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Sexual and Reproductive Health

Sexual Education and Counselling for SCI Patients

Sexual rehabilitation is recognized as an important component of the overall rehabilitation program for patients with SCI; however, retrospective studies identify a gap between services desired by patients and the services actually provided (White et al. 1993McAlonan 1996Tepper 1999). As far back as 1982, Schuler compared five sexual rehab programs for persons with SCI, and urged clinicians to evaluate the sexual rehab services provided (Schuler 1982). While the ideal timing for sexual education for SCI patients has not been determined, Fisher et al. (2002) showed a significant increase in sexual activity between discharge from inpatient rehabilitation and 6-months later, and they suggested that the first 6 months post-discharge are optimal for sexual health interventions.

Author Year; Country
Research Design
Total Sample Size
Methods Outcome
Pebdani et al. 2013; USA
Longitudinal Study (part of
bigger study)
Level 2
Population: 253 individuals consisting of 159
males (mean age 48.74±14.81 years) and 94
females (44.32±13.12 years); years since
diagnosis males 13.75±10.53 years, females
12.79±9.63 years; level of injury C1-S5.
Treatment: None
Outcome Measures: Questions regarding
family planning, the effect of SCI on family
planning, where they received advice and
information about SCI and pregnancy, SCI
and fertility, and attitudes towards having
  1. Approximately 50% were diagnosed with SCI prior to family planning.
  2. Over half of the women in the sample had not spoken with a physician about SCI and pregnancy.
  3. 60% of the women in the sample had been pregnant at some point in their lives.
  4. Half of the men had fathered a child.
  5. 13.4% reported that fertility issues had been discussed with a fertility specialist.
  6. 7.1% reported that they or their partner had taken part in an infertility evaluation.
  7. 4.3% reported that either they or their partner had received fertility treatment.
  8. 2 women and 1 man reported that they or their partner had an abortion partially because of their SCI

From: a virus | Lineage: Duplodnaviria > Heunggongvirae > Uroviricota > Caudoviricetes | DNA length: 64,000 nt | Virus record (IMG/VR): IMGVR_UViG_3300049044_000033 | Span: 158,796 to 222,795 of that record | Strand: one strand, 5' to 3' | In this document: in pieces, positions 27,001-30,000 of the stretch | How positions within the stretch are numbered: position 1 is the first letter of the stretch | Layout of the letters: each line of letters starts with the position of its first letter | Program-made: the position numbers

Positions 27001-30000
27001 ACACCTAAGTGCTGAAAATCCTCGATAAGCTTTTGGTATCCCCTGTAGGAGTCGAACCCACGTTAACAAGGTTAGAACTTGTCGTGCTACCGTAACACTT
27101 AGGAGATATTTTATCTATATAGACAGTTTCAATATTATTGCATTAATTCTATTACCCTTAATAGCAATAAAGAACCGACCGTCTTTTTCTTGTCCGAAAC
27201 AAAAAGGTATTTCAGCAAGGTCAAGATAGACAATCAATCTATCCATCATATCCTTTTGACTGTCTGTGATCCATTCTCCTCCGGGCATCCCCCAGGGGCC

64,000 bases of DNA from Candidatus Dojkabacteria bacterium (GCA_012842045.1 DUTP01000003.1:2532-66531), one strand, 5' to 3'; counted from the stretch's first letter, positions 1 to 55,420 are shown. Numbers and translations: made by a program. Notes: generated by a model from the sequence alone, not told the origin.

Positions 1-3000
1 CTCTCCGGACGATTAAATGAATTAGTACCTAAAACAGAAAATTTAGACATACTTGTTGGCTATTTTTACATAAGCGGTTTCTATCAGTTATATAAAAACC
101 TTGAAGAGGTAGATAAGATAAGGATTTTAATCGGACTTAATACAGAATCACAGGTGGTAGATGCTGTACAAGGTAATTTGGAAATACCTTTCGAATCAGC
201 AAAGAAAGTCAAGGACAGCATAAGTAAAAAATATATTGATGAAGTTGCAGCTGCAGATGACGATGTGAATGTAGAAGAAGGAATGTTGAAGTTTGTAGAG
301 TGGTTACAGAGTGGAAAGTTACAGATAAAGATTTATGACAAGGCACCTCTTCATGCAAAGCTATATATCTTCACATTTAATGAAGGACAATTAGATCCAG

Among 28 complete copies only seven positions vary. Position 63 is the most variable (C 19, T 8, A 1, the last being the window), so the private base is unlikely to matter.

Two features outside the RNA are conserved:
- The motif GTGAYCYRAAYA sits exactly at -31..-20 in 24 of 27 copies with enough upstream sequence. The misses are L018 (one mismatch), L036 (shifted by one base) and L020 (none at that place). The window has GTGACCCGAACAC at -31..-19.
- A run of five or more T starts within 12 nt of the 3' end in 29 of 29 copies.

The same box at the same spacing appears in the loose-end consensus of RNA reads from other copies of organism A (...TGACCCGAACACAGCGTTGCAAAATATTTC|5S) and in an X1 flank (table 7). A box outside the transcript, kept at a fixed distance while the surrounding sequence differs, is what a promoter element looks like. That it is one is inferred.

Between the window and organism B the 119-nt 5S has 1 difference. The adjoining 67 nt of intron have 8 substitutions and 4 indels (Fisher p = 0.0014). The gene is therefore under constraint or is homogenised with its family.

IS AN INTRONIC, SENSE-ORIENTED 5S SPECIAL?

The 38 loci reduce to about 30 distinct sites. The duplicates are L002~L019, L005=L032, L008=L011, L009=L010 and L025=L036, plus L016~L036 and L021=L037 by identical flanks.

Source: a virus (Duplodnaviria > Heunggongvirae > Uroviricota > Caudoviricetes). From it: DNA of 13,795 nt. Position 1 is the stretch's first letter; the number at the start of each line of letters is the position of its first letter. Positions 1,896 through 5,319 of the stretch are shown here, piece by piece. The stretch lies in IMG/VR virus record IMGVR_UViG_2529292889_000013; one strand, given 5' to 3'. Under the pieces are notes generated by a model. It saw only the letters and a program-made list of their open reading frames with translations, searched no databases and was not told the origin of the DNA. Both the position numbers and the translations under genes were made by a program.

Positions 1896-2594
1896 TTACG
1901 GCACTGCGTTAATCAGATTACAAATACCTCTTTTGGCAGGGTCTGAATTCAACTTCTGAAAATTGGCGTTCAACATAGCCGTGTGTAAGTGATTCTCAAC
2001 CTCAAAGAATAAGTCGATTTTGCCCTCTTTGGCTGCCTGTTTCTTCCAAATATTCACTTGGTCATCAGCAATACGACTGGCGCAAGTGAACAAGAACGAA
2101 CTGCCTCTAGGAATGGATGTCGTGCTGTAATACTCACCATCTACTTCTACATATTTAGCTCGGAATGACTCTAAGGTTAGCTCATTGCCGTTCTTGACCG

Hess et al. 2007; USA
Demographics: 4 men with SCI; age range
35-55 yrs; time since injury 10-23 yrs; 3 with
traumatic SCI, 1 with transverse myelitis; All
with paraplegia: 2 complete, 2 incomplete
(AIS B and AIS C).
Methods: Patients referred to an outpatient
SCI sexuality program and seen by an
interdisciplinary team (nurse, physician, and
psychologist); completed a pre-evaluation
questionnaire and post-evaluation clinic visit
questionnaire regarding their satisfaction with
both sexual function and the clinic
Outcome Measures: pre- and post-visit
satisfaction with sexual function and clinic
  1. Patients were very satisfied with their clinic experience. All stated they would recommend the clinic to others and would themselves return with new issues regarding their sexuality.
  2. Despite patients’ reporting insufficient knowledge about sexual function, all rated their clinic visit positively, and felt their questions had been answered and their emotional wellbeing appropriately addressed in a respectful environment.
Schopp et al. 2002; USA
Level 4
Demographics: 28 women with SCI; mean
age 40 yrs, range 17-59.
Methods: Participants accessing
comprehensive gynaecologic and
reproductive health care services at a SCI
women’s health clinic; surveyed immediately
prior to 1st clinic visit, and at 3- and 12-month
follow-ups; participants mailed a set of
baseline questionnaires approx. 3 weeks
before their scheduled exam date;
subsequent assessments conducted by
phone and mail.
Outcome Measures: measures of health promoting behaviours (breast self-exams,
exercise, reducing fat intake, increasing fibre
intake and mammography); SCI-adapted
General Health subscale of the US. ShortForm-36 (SF-36); Satisfaction with Life Scale
(SWLS); Brief Symptom Inventory (BSI).
  1. With exception of exercise, frequencies of health promoting behaviours increased across the 3 time periods.
  2. Trend toward increased willingness to engage in monthly breast self exams from baseline to 3 months, and trend toward increased willingness to receive a mammogram between baseline and 12 month follow-up.
Cushman 1998; USA
Level 5
N=50 (25 SCI)
Demographics: 50 patients who had
participated in an inpatient rehab program; 25
SCI (16 M 9 F); mean(SD) age 41.8(20.8) yrs,
range 16-74; mean time since injury 126.1
days; mean time in inpatient rehab 85.5 days.
Methods: SCI patients were involved in a
nursing education program, which included a
group-oriented information sharing session
and written information as part of a self-instruction program. Information presented
centred on physiological aspects of sexual
functioning, also included body image and
attitudes regarding sexuality.
Outcome measures: patient perceptions of
sexual information and support provided.
  1. 80% of SCI respondents felt access to information about sexuality was available to them.
  2. 72% of SCI patients felt the amount of information or discussion about sexuality they received was sufficient.
  3. 36% reported having received or reviewed written materials regarding sexuality.
  4. 52% indicated that someone had volunteered information regarding sexuality to them.
Charlifue et al. 1992; USA
Observational (survey)
Level 5
Demographics: 231 women with SCI; mean
age 32.7 yrs; mean age at injury 21.5 yrs; 112
quadriplegic (72% complete), 119 paraplegic
(77% complete).
Methods: Women who had initial rehab at a
hospital centre in Colorado contacted by